The purpose of this column will be showing the dealer and his staff how to insulate themselves from unmeritorious lawsuits resulting from poor advice given to the consumer at point of sale. This can be done in any number of ways that (a) enhance profitability for the dealer and his people, and (b) enhance the defensibility of the consumer himself
How do you do that? Well, knowledge is power. You can do for your customers, in a way, what I've done for the graduates of my 40-hour course in Judicious Use of Deadly Force at Lethal Force Institute (LFI). When opposing counsel is sniffing around trying to decide whether to push the suit or not, and they find out that the defendant has a competent gun expert on his behalf (that does not charge the $1,500 a day or so that the plaintiff must pay to hire a prostitute expert to articulate his side), it starts looking a lot more expensive and a lot less worthwhile to the guys who have to order special suits to hide their dorsal fins. In short, a best case scenario means the gun purchaser, with a competent dealer foursquare behind him, is less likely to have the case against him carried to trial. In a worst case scenario, that defendant is likely to win the trial.
By definition, if they're suing the defendant and the guy who sold them the gun, jointly and severally, for having done something stupid and the gun dealer proves that what the guy did wasn't stupid, (that it was righteous), then the gun dealer is most likely home free. It's kind of a symbiotic relationship, really.
How then, does the dealer make money by educating the customer? Simple. The more aware customer wants: (a) better guns, (b) more guns, (c) better ammo, (d) more ammo, (e) superior accessories like holsters, gun locks, etc., (f) more such accessories, (g) more books on the subject, (h) more videos on the subject, (i) more dealer-arranged training on the subject, and Q) all the above.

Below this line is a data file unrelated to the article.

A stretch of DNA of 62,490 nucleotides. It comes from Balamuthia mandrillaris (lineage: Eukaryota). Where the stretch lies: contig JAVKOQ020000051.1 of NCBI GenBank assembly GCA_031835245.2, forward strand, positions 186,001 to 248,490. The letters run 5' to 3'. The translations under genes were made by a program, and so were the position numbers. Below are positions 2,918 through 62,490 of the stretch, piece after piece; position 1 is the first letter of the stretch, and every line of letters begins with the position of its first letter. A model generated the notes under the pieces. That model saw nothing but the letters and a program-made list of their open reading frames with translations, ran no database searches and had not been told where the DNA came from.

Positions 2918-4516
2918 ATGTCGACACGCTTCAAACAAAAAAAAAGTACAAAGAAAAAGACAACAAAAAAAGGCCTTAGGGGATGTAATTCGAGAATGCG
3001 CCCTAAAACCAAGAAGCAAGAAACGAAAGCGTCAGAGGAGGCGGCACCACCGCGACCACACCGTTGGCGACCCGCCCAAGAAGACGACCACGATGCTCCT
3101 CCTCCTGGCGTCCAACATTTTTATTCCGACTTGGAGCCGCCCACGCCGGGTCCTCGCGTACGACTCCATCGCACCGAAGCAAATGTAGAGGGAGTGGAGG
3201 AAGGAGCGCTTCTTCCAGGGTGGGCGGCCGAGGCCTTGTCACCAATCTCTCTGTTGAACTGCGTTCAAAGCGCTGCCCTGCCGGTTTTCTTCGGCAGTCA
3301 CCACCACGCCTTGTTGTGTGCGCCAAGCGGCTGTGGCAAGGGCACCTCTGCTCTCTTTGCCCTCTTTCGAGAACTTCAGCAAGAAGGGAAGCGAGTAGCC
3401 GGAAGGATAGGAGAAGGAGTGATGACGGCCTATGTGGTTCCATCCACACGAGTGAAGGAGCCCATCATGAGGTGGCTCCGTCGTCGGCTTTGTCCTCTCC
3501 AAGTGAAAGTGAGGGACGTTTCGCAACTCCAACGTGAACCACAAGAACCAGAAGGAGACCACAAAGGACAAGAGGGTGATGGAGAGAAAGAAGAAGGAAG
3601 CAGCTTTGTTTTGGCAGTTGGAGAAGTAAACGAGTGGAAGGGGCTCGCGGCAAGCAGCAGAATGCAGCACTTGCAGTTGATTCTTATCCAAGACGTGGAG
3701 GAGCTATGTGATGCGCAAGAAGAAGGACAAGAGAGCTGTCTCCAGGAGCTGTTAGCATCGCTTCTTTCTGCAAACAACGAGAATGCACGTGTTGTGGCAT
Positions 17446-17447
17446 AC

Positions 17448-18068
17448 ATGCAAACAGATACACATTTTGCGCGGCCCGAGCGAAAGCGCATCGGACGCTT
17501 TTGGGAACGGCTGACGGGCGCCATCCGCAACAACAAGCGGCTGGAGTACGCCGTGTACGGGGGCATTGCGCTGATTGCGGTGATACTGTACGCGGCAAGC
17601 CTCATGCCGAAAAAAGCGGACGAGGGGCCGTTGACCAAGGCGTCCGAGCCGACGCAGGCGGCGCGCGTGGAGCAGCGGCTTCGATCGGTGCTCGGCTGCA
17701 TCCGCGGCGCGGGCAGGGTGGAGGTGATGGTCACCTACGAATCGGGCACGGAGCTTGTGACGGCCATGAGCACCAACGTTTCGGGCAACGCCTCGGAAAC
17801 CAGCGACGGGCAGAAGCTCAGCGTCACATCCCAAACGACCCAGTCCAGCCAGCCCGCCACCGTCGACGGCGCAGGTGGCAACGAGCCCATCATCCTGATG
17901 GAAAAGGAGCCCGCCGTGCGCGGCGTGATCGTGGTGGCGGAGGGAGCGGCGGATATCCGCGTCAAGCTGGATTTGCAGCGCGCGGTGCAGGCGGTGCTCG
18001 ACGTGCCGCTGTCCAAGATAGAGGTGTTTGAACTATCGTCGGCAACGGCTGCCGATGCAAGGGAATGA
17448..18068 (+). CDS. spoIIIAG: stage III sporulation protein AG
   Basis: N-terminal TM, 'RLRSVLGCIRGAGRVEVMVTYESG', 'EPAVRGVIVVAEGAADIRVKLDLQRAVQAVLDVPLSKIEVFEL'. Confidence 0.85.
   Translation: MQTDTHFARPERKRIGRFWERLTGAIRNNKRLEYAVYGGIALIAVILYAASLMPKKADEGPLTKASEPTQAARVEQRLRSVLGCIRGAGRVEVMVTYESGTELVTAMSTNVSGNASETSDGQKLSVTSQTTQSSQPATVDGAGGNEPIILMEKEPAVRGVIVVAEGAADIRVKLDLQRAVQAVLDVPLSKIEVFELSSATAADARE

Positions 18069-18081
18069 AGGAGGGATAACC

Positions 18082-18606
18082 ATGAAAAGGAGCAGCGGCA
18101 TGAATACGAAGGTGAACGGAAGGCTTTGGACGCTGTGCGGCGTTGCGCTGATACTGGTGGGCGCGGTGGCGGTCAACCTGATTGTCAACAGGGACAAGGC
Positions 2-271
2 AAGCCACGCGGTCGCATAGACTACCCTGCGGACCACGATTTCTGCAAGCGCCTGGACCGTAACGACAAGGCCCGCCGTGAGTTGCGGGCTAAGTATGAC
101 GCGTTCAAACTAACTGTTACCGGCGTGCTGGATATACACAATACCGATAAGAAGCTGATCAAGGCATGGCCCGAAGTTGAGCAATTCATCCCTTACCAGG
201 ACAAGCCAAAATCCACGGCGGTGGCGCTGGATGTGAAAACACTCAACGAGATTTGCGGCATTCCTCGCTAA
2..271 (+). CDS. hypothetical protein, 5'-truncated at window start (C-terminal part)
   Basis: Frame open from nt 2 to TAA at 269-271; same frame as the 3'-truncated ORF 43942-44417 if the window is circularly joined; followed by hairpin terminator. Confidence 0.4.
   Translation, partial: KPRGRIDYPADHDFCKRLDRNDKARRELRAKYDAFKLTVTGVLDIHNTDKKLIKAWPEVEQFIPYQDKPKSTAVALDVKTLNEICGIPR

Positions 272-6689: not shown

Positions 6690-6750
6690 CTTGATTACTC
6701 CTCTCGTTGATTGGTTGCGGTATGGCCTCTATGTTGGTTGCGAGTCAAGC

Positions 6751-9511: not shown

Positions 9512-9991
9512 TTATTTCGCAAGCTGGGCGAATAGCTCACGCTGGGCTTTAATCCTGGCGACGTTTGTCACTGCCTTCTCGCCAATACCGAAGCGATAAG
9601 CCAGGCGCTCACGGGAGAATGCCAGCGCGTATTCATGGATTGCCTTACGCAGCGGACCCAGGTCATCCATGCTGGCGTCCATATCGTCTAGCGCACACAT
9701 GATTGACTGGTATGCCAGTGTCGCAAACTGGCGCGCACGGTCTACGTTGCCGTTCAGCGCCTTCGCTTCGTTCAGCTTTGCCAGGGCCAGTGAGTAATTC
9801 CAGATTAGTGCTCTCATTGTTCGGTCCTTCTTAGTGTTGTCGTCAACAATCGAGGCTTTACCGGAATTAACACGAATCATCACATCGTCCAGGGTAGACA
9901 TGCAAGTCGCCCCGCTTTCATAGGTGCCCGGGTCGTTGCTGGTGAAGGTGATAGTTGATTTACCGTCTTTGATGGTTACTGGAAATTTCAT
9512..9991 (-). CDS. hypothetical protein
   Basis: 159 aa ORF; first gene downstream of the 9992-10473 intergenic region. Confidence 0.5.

The easiest answer is (j) all the above." And what is our socially aware dealer prepared to sell that newly enlightened customer? "All the above." These things have a way of working themselves out, and altruism is served because both the dealer and the consumer benefit strongly.
The customer who comes to the dealer to buy a defense gun is making a very clear statement. Whether that statement is articulated the same way each time they're still saying, "I'm afraid, and you are the expert in these matters, and I want you to tell me what to buy to make me safer."
At that moment, we just went beyond the nice yuppie couple who walk into the furniture store and asked, "What's in these days?" We just entered a very savage land of moral responsibility.
It is the dealer's responsibility to live up to that trust. This includes increasing the customer's awareness of things like quality and practice and training. Because his word is gospel to the buyer in many cases, it brings the dealer to the realization that power and responsibility are commensurate. They, the seller and buyer, will share the responsibility for this transaction that transferred an instrument of power from one to the other. That bond will be shared for a lot longer than the time it takes the credit card charge to clear.
When both the power and the responsibility are lived up to, both seller and buyer profit, and sometimes the profit is measured in things far more precious than dollars.
As this column continues, we'll go more into the details of how to specifically achieve these goals.
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|Title Annotation:||legal responsibility guidelines for gun dealers|
|Date:||Jan 1, 1991|